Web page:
Cultural Tourisms Impact On The Ainu

Video 1: https://www.youtube.com/watch?v=CjBYtYAOsJc

This video shows the Anius relationship with the modern day groups of Japan and the tourist that come to the island. It shows how the Ainu people aren’t treated fairly be the rest of the people of Japan. The Ainu are trying to take charge of this situation and move forward with the rest of Japan as a more united group.

The title of this video is The Despised Ainu People: A look into the modern-day situation of the Ainu people of Hokkaido in Japan”. The date it was uploaded on YouTube was May 11, 2011 but was originally released in 1994. ABC Australia published this video. The purpose of this video is to show how the relationship between the Ainu and modern Japan is being strained. However, these two very differing groups are learning to see each others perspectives and move towards a better future.

J. (1994). Motion picture. ABC Australia . Retrieved February 20, 2017, from https://www.youtube.com/watch?v=CjBYtYAOsJc


Video 2: https://www.youtube.com/watch?v=UXuwP67PsJ4

This video shows numerous items that were used in Ainu culture. It focuses on the hunting and fishing aspects of their culture and the tools they had once used.

The title of this video is “Honkan Japanese Gallery Ainu Culture”. It was uploaded to YouTube on September 25 2015. This video was published by Shiran De Silva. The purpose of this video was to explain the uses of these historic tools and how the Ainu used them in their culture.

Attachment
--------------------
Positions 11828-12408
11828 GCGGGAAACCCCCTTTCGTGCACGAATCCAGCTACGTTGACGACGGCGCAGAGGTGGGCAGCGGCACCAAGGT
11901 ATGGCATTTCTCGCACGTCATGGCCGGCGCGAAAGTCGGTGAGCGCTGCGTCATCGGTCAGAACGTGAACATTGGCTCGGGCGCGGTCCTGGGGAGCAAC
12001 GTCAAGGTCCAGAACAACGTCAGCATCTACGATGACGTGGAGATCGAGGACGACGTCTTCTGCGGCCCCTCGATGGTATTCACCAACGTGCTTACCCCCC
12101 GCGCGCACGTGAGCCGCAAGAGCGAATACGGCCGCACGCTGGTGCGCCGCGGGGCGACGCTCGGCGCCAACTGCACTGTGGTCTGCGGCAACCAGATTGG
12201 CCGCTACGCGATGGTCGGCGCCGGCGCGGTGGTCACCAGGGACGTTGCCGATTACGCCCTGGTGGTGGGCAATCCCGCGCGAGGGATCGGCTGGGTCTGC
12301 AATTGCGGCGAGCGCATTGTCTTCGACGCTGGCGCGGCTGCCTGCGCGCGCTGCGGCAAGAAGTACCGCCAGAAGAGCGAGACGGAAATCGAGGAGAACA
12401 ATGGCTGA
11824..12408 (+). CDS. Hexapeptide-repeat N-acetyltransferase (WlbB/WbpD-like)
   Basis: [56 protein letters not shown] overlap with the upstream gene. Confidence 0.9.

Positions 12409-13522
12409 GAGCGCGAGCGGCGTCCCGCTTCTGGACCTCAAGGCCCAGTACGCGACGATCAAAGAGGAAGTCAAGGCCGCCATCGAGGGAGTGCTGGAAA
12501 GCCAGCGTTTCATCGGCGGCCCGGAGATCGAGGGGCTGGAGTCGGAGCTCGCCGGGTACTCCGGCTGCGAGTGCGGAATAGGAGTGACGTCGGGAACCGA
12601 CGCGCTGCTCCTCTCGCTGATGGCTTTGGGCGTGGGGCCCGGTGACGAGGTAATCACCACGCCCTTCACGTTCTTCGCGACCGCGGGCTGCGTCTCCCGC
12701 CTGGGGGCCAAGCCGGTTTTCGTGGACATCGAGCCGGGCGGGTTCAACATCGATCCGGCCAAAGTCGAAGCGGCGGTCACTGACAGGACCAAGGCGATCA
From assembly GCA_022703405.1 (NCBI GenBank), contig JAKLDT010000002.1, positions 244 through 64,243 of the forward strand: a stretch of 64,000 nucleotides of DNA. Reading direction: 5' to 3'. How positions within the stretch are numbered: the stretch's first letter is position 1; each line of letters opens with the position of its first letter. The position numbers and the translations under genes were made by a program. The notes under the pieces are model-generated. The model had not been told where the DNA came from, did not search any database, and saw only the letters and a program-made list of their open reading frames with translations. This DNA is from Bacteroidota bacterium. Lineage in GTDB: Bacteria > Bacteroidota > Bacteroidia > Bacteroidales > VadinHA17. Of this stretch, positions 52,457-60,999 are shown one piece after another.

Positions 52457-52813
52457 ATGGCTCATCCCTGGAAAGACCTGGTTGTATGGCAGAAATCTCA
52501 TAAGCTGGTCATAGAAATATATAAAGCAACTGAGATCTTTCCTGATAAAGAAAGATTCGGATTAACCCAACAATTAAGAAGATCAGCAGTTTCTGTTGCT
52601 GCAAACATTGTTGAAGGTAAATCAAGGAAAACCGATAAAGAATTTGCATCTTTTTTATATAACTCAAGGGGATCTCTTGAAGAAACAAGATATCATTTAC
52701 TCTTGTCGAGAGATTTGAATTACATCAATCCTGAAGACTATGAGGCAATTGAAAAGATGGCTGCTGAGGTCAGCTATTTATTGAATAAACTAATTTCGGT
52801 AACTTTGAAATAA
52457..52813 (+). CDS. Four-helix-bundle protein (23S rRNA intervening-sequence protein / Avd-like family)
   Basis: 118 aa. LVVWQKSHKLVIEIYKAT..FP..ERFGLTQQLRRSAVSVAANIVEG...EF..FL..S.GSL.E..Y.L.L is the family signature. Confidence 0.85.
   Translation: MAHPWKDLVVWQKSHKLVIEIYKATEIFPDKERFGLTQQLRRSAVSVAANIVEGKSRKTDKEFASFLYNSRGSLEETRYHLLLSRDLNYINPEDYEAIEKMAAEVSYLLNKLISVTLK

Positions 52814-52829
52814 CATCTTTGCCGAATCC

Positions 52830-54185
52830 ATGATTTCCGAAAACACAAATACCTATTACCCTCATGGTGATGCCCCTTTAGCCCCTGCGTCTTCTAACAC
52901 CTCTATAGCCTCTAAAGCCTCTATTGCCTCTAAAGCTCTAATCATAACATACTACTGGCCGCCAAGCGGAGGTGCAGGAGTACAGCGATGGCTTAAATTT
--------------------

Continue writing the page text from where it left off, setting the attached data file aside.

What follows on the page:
Silva, S. D. (2015, September 25). Retrieved February 20, 2017, from https://www.youtube.com/watch?v=UXuwP67PsJ4


Cultural Changes Among The Inhabitants of Okinawa

Article 1:

Morris, S. (1999, December). THE AINU: BEYOND THE POLITICS OF CULTURAL COEXISTENCE. Cultural Survival Quarterly Magazine . Retrieved February, 2017, from https://www.culturalsurvival.org/publications/cultural-survival-quarterly/ainu-beyond-politics-cultural-coexistence

This article talks about how the protection law was placed on the Ainu people (indigenous group in the Ryukyu Islands). It shows that this law helped to protect their heritage and that their past history shows how they resisted colonization with protests. However, before the law was put into place they still were victims of colonization as many of their resources were engulfed in the modernization of the state.

Morris-Suzuki studies the history of Japan and Korea. She studied at the University of Bristol and has written books such as, Re-inventing Japan and Exodus to North Korea. This article falls well into her range of expertise as she has studied Japanese culture. Morris-Suzuki is also a professor at the School of Culture, History, and Language, College of Asia and the Pacific. These credentials show that she has a large focus on the research of other cultures. The goals of these institutions is to expand the knowledge they know on the cultures they are studying and to teach others what they have learned from these cultures. This article was originally published in 1999 which makes it out dated for my current research. I cannot know what has occurred in the many years that have passed since this article was published. The author is addressing the larger group of people who have colorized indigenous groups. They are trying to show the importance of the Ainu’s past and trying to head the larger group from erasing their cultural background.